greentech mediaGreentech Media (GTM) produces industry-leading news, research, and conferences in the business-to-business greentech market. Our coverage areas include solar, smart grid, energy efficiency, wind, and other non-incumbent energy markets. For more information, visit: greentechmedia.com , follow us on twitter: @greentechmedia, or like us on Facebook: facebook.com/greentechmedia.

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Lund's picture
Lund on Apr 14, 2013 5:51 pm GMT

@Willem Post,

You are right when you say windpower is intermittent and the capacity factor is lower than nuclear – but – as you claim:

“60,006 MW x 8760 hr/yr x 0.8 = 420,522,048 MWh/yr; this is steady, near-100% CO2-free, near-100% “On-Demand” dispatch value energy, i.e., high quality energy, that does not require other generators for balancing.”

As the Engineers we are, both of us should be the first to know that this claim is totally erroneous!

The only way nuclear power can keep high capacity factors, is to allow them to generate at full power (= continous non-varying power) all the time, except from the time the power is shut down to zero, because it has to be refuelled, or shut down unexpectedly due to anything from technical issues to natural events.

Due to economic requirements, every new nuclear power station in the world, requires – but does not guarentee – to market at least 90% of its capacity – which means a continous non-varying power – until broken by refuelling or technical failures – no matter the demand or variation of the power consumption!

Of course, this means the nuclear capacity factor is 2-3 times higher than windpower – which is needed due to the simple fact that nuclear capacity is 5-8 times more costly to install and decommission than windpower!

The power output from a nuclear power station can possibly be adjusted to (some level of) follow the demand – but it is then anything else but efficient, and it cannot meet its own economic requirements this way!

So, neither when nuclear power generates steady and non-varying, nor when it is shut down for refuelling or unexpected reasons, it is no way an “”On-Demand” dispatch value energy, i.e., high quality energy, that does not require other generators for balancing”!

Nuclear power is a non-dispatchable source, which requires not only to be balanced by dispatchable peak-load generators, but also requires a considerable amount of expensive non utilized permanently-ready-to-start, backup capacity. Ask e.g. the swedes….or the japanese!

Just like the intermittent sources, non-dispatchable sources like nuclear cannot stand alone in a country’s electricity supply. They BOTH require nimble dispatchable sources, to fill the gab every time the demand changes, if they does not have access to a large capacity of energy storage.

If this means that your dispatchable generators needs to operate in unefficient modes, it only proves that your supply system consists of too many too large too unflexible coal fired units.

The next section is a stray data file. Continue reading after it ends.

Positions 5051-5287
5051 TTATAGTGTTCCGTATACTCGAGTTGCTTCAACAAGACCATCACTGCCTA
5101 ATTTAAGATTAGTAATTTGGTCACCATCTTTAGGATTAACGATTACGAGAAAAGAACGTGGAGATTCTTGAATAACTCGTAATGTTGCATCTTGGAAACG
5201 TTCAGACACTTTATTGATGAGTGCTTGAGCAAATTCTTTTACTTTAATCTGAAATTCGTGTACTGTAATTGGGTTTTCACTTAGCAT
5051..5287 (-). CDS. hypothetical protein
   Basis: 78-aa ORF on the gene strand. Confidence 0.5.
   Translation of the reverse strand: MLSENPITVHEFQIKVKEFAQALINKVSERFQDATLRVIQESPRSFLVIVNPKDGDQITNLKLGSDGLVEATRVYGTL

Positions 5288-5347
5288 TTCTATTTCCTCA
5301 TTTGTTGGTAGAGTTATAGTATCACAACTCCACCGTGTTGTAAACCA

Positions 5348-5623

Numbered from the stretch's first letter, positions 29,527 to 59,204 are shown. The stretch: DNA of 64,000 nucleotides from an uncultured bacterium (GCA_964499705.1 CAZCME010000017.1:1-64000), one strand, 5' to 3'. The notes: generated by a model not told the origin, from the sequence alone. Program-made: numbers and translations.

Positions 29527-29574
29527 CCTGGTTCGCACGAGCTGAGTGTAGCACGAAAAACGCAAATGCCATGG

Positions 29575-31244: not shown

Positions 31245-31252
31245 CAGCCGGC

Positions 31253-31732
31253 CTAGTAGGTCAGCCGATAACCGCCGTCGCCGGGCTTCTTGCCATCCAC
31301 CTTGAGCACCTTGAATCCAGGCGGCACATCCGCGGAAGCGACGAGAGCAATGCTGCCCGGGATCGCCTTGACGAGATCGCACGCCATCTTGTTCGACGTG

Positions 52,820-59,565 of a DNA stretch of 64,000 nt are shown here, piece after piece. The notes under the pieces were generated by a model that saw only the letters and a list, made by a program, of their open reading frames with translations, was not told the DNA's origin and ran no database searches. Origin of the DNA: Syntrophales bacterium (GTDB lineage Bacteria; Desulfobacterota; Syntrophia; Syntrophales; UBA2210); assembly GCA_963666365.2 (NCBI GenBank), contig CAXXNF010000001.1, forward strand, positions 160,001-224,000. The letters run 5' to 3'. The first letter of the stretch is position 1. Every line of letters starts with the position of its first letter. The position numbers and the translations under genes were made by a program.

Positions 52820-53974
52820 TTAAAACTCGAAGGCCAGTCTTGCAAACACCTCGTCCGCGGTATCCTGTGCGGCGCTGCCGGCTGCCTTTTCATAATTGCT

In Denmark (as you like to mention), where the windpower penetration is now over 30%, growing towards 50% in 2020, such coal fired stations are right now being decommisioned GW by GW on the simple market conditions, because they are not able to fit into the gab between the intermittent sources and the varying demand.

So the total Danish coal consumption is now more than halved, and it declined more than 20%! just last year!

By 2020, we expect no need of coal fired power plants in our electricity supply anymore, but we will probably keep a few of them, converted for wood pellets in stead of coal, to provide a reserve capacity for the general north european electricity market, to raise the supply in dry years, when the hydro supply is limited.

The balancing is done with our existing peak load genators on natural gas and bio fuels and by exchanging electricity with norwegian and swedish hydro power.

In other words, the windpower replaces the most CO2 emitting plants first, and leave the peak load plants for what they are meant for; filling the gab between non dispatchable power and varying demand.

The dispatchable power plants are not less efficient this way. They are actually more efficiently utilized than they was before, and we need less unutilized permanently-ready-to-start-capacity to backup large units!

As your country has granted you such an important education, you know you should stick pragmaticaly to such facts and be less religious in your choise of “favorite sources”, if you intent to make a future with sufficient and sustainable energy resources for your coming generations!

In Denmark we will meet our targets of around 7 metric tonnes of annual CO2 emissions per capita in 2020, and completely eliminating our reliance to fossil fuels and volatile fuel prices before 2050.

What is your target, Willem?

Best Regards, Søren Lund

 

Lund's picture
Lund on Apr 15, 2013 12:19 am GMT

Willem says:

“The US nuclear industry CF = 0.90, the highest of any nation in the world; google it

Vermont Yankee 0.92″

Thank you for underlining my point, Willem! – I have no doubt about this, and it only proves that Nuclear power is not dispatched – which is especially clear by the US nuclear Capacity Factor.